Your Health and Oral Health – How Are They Connected?

Your oral hygiene has a greater impact on your overall health than you can imagine. Oral health is about more than having a beautiful smile. Poor oral health, or any untreated oral disease, can have a crucial impact on the quality of life.

Some reports have shown that around 90 percent of the diseases in the body could be triggered by pending oral health issues.

How is oral hygiene related to health?

A person may ingest a significant amount of bacteria through their mouths. If the pernicious bacteria enters the bloodstream it can result in the periodontal disease and provoke several other diseases in the body.


Diabetes activates gum disease and thickens the blood vessels that bring oxygen and nutrients to tissues of the body (even the mouth) and eliminate toxic wastes that they produce. When the blood vessels are affected, the provision of nutrients and the removal of waste both slow down. This results in the gum and bone tissues becoming more prone to infections.

Diabetes is also known to increase the blood sugar levels that, if not properly managed, can lead to bacterial growth in the mouth.

Heart disease

Periodontal disease is connected with the increased risk heart attack or stroke.

Some researchers have suggested that the periodontal disease increases the levels of inflammation in the body which in turn activates heart disease. Other researchers state that the bacteria may enter the bloodstream and form plaque in the arteries. This can happen when the person eats, brushes, or flosses their teeth. When the bloodstream is infected with plaque, it can lead to poor blood flow to the heart which can trigger a heart attack. Another potential danger is that if the arterial plaque escapes the arteries, it can travel to different parts of the body. If it gets to the brain and blocks it, the person can suffer a stroke.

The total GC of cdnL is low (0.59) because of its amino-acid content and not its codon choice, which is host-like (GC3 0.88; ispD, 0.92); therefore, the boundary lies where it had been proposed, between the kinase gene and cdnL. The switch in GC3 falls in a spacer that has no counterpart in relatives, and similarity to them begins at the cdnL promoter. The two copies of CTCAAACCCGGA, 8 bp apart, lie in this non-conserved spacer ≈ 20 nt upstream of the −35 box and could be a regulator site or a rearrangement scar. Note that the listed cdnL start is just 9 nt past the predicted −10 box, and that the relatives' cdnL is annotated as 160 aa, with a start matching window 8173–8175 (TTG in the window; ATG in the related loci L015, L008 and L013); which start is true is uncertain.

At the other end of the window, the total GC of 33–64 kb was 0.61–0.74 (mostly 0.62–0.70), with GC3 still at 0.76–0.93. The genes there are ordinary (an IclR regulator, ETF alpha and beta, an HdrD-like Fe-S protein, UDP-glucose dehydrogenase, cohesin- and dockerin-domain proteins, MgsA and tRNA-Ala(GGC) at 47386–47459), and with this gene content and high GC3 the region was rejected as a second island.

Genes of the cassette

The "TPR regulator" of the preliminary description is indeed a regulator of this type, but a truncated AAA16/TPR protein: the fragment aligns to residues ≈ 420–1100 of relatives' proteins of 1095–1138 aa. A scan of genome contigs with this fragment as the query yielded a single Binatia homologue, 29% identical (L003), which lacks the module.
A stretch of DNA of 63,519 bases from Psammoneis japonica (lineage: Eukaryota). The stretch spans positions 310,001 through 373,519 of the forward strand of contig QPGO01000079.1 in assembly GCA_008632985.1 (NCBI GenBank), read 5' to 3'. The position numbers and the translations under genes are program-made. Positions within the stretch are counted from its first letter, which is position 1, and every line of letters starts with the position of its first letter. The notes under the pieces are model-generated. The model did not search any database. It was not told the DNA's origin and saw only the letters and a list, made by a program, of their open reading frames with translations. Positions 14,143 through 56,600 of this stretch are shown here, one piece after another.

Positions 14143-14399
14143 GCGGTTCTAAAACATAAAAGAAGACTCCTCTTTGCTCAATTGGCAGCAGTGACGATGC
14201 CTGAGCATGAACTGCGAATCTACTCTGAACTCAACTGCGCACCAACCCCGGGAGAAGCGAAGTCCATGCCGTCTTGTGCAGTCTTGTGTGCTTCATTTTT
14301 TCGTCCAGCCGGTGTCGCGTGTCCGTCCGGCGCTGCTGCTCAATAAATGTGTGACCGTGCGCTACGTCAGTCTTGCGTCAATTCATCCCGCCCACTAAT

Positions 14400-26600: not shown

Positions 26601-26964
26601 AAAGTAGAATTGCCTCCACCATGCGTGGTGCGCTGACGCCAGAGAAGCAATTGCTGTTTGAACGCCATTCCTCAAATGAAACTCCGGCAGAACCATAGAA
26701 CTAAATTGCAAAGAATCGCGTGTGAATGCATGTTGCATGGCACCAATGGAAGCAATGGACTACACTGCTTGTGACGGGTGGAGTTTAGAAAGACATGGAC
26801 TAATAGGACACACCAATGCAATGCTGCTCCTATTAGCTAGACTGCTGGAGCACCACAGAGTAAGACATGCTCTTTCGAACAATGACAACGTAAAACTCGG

Some studies have even shown a strong correlation between premature birth and periodontal disease in pregnant women. Though the studies are not proven, some scientists believe that when the immune system responds to the infections, it can prompt premature birth. Another study discovered that women who suffered from the periodontal disease might have a more difficult time conceiving a child than women who don’t have this disease.

Respiratory illness

When a person whose teeth have been infected with tooth plaque inhales, they take in a lot of bacteria from that plaque and into the lungs. This may cause pneumonia and other respiratory illnesses. The risk is higher in people who have a weaker immune system. If someone suffers from a chronic lung condition, then they might also be negatively affected by the bacteria.

If you want to prevent yourself from getting any of the aforementioned health issues, contact the expert doctors in the Rogoff Dental Group.